Hard Times Make Fast Friends
Human companionship can be more important than comfort, safety, or affuence in determining the qualifty of a person’s life. For years people have told me that the best times in their lives were when they were involved closely with others. And it doesn’t seem to matter whether the situation was pleasant or miserable. Linda Nilson, a Ph. D. , a sociologist at UCLA, reports that residents in communities stuck by natural disasters (tornadoes, hurricanes, floods, earthquakes) do not panic, loot, and suffer psychological breakdowns. They generally keep their heads, care for one another, share scarce resources, and reach an emotional high as they pull together to face the common challenges of survival and rebuilding.
Many people actually feel better about themselves and their neighbours, she adds, after going through a disaster. They are proud of the way they handled the crisis and touched by the generocity of others, and they look on their part in the common recovery effort as the most meaningful work of their lives. A Nepales woman notes that in no cas on record in Nepal have authorities had to declare material law in a natural disaster area—and she has analyzed more than one hundred reports of responses to such disasters over the past sixty years.
Well, what shall we make of all this? What are the practical implications for how we live our lives to preserve our health? Exhortations to “be friendly” or “smile” won’t be enough, and neither will singing forty choruses of “Up with People.” But it should be certainly be possible to make it easier for people to work togetherand be together if they choose to.
Educational campaigsns should not just teach people to look for the seven signs of cancer, but also give them information they can use to make healthy decisions for themselves and their families: Is this move necessary? What are the real costs of this promotion? What group can I join that will share my interests and generate intellectual and social excitement?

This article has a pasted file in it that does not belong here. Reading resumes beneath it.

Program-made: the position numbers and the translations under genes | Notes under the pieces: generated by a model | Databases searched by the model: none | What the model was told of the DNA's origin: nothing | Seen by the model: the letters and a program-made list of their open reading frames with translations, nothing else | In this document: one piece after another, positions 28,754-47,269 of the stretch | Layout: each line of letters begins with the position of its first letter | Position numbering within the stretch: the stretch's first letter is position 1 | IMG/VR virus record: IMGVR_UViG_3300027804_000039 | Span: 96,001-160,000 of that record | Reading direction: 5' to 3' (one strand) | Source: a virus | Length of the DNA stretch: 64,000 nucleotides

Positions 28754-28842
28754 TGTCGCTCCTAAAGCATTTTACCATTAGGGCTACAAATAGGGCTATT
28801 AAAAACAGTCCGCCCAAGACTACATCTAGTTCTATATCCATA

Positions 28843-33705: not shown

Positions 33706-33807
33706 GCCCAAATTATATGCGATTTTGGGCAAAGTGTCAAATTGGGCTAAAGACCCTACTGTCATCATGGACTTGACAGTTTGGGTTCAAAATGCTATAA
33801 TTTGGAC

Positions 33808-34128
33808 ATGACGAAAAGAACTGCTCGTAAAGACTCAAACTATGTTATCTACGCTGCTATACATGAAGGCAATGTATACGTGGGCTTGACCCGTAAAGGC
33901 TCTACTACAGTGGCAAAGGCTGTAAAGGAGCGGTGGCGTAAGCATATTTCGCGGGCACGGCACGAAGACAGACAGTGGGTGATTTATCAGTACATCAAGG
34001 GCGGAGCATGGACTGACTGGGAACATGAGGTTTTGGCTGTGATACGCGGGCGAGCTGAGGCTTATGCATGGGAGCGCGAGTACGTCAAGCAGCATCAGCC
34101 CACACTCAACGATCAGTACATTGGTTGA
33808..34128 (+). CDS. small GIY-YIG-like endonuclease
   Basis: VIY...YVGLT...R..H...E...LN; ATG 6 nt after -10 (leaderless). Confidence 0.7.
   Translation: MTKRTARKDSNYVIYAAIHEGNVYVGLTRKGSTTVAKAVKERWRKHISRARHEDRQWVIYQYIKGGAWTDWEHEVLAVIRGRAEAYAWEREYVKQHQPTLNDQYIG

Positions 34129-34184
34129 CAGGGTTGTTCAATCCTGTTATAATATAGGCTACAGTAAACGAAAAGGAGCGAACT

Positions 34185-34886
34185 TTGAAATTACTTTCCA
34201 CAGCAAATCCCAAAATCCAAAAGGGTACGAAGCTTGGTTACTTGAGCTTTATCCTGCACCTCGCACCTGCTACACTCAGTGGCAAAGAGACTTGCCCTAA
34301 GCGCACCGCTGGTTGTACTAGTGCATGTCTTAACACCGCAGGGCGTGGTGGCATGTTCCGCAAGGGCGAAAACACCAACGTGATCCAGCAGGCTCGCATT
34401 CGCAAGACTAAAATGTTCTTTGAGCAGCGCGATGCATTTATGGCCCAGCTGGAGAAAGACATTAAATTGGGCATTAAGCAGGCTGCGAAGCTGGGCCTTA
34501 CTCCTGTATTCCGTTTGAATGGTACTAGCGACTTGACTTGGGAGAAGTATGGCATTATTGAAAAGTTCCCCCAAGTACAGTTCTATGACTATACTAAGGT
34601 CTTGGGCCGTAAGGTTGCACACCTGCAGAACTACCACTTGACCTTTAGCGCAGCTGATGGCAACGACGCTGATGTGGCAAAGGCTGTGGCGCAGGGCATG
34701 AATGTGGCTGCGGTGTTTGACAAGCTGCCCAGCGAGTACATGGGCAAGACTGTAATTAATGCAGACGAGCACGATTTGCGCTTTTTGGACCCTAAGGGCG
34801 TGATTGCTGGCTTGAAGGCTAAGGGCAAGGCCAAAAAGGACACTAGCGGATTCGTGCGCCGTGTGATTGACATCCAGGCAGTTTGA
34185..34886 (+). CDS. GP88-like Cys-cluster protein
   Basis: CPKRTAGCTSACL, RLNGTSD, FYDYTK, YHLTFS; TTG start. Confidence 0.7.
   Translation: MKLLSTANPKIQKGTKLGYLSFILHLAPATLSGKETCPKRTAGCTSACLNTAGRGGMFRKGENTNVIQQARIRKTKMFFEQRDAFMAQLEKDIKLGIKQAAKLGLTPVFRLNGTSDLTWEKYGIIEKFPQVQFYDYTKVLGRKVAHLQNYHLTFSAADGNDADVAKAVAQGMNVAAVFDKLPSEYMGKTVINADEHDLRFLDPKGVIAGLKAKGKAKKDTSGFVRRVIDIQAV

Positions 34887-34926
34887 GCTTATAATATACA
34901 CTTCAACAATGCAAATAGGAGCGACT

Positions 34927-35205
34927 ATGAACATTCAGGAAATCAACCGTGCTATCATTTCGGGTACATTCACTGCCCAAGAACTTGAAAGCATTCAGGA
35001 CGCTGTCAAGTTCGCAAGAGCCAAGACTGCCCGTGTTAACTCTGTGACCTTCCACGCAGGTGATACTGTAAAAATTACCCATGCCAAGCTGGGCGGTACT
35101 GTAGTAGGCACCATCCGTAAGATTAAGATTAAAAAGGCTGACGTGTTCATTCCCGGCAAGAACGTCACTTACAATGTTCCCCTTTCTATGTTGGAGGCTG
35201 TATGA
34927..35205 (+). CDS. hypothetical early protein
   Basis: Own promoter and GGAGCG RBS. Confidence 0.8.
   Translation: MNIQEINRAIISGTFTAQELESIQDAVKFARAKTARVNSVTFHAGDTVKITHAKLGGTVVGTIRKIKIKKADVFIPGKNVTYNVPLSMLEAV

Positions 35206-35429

More and more, people are coming together voluntarily to support one another, almost in oppositoin to social and institutional trends. The results achieved by self-help groups, such as Alcoholics Anonymous and Gamblers Anonymous, are impressive; so are thos e of the support groups for people in particular situations, such as those recovering from cander operations, going through divorce, or moving to a new place. It seems that, whatever the self-help group’s philosophy, being in a group is itself therapeutic.
All of us could learn from these examples, but it shouldn’t take a common problem like alcoholism or gambling—or a natural disaster—to draw people together. We need to recognize the importance of community, of touching other people, in our daily existence. Our health, our lives, may depend on it.